By Debra Shore Her views on democracy's decline and the need for cohesive social values have brought a White House invitation and attacks from leftist scholars. It's a role Jean Bethke Elshtain seems born to play.
Photography by Matthew Gilson
Her views on democracy's decline and the need for cohesive social values have brought a White House invitation and attacks from leftist scholars. It's a role Jean Bethke Elshtain seems born to play.
t is 1953 in Timnath, Colorado, population 180. One of the town's younger residents endeavors to publish her own newspaper for friends and family. Jean Bethke, age 13, names it the Timnath Courier, and includes in her inaugural issue book and movie reviews, as well as a page-one think piece addressing this question: Was the Yalta Agreement a good idea? In addition, the editor thoughtfully solicits reader comments, thus inducing her best friend to respond, "I think you're crazy."
The Timnath Courier has remained in publishing recess since its first two editions, but the former editor and publisher, now Jean Bethke Elshtain, has stayed in the writing and reflecting biz in earnest. Elshtain-who joined the U of C's faculty in 1995 as the first Laura Spelman Rockefeller professor of social and political ethics in the Divinity School-has published more than 200 articles and several books on topics encompassing feminist theory, theology, international relations, war, the family, and political theory. Currently she's finishing a biography of Jane Addams and will soon publish The King Is Dead: Sovereignty at Century's End.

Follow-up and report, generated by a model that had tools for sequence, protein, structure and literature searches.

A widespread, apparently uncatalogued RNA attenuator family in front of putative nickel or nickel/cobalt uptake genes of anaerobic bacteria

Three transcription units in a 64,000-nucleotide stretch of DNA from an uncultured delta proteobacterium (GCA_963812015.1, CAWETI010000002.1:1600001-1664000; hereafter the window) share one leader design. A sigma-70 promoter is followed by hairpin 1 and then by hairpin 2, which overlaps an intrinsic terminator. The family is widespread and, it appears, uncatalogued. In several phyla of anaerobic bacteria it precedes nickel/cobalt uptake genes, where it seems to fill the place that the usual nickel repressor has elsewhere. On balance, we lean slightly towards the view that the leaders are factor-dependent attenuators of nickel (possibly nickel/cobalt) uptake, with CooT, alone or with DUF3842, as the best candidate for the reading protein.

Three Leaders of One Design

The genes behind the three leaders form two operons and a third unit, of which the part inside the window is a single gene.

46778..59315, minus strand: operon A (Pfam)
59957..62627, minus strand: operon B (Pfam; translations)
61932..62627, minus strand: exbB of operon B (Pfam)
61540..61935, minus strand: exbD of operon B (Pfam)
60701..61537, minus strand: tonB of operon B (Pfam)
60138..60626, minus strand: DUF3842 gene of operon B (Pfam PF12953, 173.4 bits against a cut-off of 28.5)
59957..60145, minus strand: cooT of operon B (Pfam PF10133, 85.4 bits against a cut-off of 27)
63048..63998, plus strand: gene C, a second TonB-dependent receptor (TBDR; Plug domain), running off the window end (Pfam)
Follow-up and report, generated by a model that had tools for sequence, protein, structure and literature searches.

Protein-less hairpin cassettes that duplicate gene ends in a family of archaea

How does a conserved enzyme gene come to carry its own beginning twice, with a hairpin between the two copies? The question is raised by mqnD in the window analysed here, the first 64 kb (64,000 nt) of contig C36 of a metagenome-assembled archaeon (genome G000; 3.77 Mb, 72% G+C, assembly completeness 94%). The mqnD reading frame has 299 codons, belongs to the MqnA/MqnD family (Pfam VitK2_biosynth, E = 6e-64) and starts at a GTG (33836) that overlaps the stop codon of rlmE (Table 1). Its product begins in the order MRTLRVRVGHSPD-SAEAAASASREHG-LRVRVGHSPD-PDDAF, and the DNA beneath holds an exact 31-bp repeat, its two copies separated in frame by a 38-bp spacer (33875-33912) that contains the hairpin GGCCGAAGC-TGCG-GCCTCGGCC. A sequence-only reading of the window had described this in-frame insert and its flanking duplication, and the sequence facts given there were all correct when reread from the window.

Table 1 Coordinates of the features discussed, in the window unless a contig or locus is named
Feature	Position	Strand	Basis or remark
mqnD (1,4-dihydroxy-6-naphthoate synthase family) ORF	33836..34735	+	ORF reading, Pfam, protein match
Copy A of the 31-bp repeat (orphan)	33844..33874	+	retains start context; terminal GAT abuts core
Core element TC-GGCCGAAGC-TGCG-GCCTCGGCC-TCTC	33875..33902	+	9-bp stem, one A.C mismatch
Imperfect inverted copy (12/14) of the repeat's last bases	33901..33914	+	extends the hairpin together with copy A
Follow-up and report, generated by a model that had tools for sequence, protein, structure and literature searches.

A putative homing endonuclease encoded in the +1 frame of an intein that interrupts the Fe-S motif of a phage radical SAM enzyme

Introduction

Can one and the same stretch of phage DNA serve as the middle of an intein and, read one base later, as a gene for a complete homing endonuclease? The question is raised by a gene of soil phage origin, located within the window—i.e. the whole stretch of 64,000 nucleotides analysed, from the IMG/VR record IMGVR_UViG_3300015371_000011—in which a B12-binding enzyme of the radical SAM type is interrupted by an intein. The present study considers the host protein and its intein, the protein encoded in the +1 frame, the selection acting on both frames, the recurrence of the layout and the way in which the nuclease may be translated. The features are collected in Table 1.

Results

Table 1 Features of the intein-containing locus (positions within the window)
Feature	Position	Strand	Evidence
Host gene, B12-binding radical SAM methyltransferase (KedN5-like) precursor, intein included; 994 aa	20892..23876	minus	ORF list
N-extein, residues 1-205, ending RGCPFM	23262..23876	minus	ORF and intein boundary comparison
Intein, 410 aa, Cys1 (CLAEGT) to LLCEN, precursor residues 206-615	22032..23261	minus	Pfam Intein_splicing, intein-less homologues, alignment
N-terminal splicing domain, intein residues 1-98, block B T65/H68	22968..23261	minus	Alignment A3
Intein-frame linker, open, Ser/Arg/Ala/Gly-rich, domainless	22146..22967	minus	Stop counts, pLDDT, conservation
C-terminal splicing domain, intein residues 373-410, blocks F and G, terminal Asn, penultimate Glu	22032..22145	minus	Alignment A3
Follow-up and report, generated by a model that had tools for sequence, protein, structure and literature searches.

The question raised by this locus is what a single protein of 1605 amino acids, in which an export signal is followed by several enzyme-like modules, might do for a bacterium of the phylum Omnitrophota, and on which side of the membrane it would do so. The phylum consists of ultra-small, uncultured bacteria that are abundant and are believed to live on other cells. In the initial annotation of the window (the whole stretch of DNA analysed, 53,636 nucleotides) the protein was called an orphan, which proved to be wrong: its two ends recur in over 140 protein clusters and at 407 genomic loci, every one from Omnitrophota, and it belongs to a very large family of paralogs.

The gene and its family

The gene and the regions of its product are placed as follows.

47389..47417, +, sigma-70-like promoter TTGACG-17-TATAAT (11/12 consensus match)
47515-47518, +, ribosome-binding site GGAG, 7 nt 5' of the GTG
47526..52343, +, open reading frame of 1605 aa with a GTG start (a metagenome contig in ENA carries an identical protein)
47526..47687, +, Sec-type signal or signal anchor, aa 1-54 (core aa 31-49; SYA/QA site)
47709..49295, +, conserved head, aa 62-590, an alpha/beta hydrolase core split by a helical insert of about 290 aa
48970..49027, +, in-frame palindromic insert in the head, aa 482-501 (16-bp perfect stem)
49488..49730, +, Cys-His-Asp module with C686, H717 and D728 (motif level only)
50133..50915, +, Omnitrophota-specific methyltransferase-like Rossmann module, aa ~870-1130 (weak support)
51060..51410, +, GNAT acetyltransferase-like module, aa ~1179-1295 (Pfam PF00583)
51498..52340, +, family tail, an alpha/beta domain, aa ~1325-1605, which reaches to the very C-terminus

It was her 1995 book, Democracy on Trial (Basic Books), however, that firmly established Elshtain's reputation as a public intellectual. The New York Times Book Review called her treatise on the decline of civil society "wise, humane, and profoundly reflective," while the magazine Utne Reader named the author to its list of 100 visionaries for the next century. A whirlwind book tour established her reputation as a gifted orator; soon speaking requests came pouring in-including one from President Bill Clinton, who had hoped to engage Elshtain and a few other scholars in a discourse on the state of American life. (She had the impression the President was idea-trawling for his upcoming State of the Union Address.) "It would have been great fun," says a thoroughly regretful Elshtain, who had to decline because of a planned trip to South Africa.
A diminutive woman in her mid-50s, Elshtain appears modest, earnest-and,
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Small-town girl: Elshtain's baby picture; at age 8, not long before she wrote her first book, a "preposterous adventure story" about gold miners; wheelchair-bound from polio, when doctors feared she wouldn't walk again; and following a recipe read by a fellow home-ec student. In high school, Elshtain was national vice-president of Future Homemakers of America.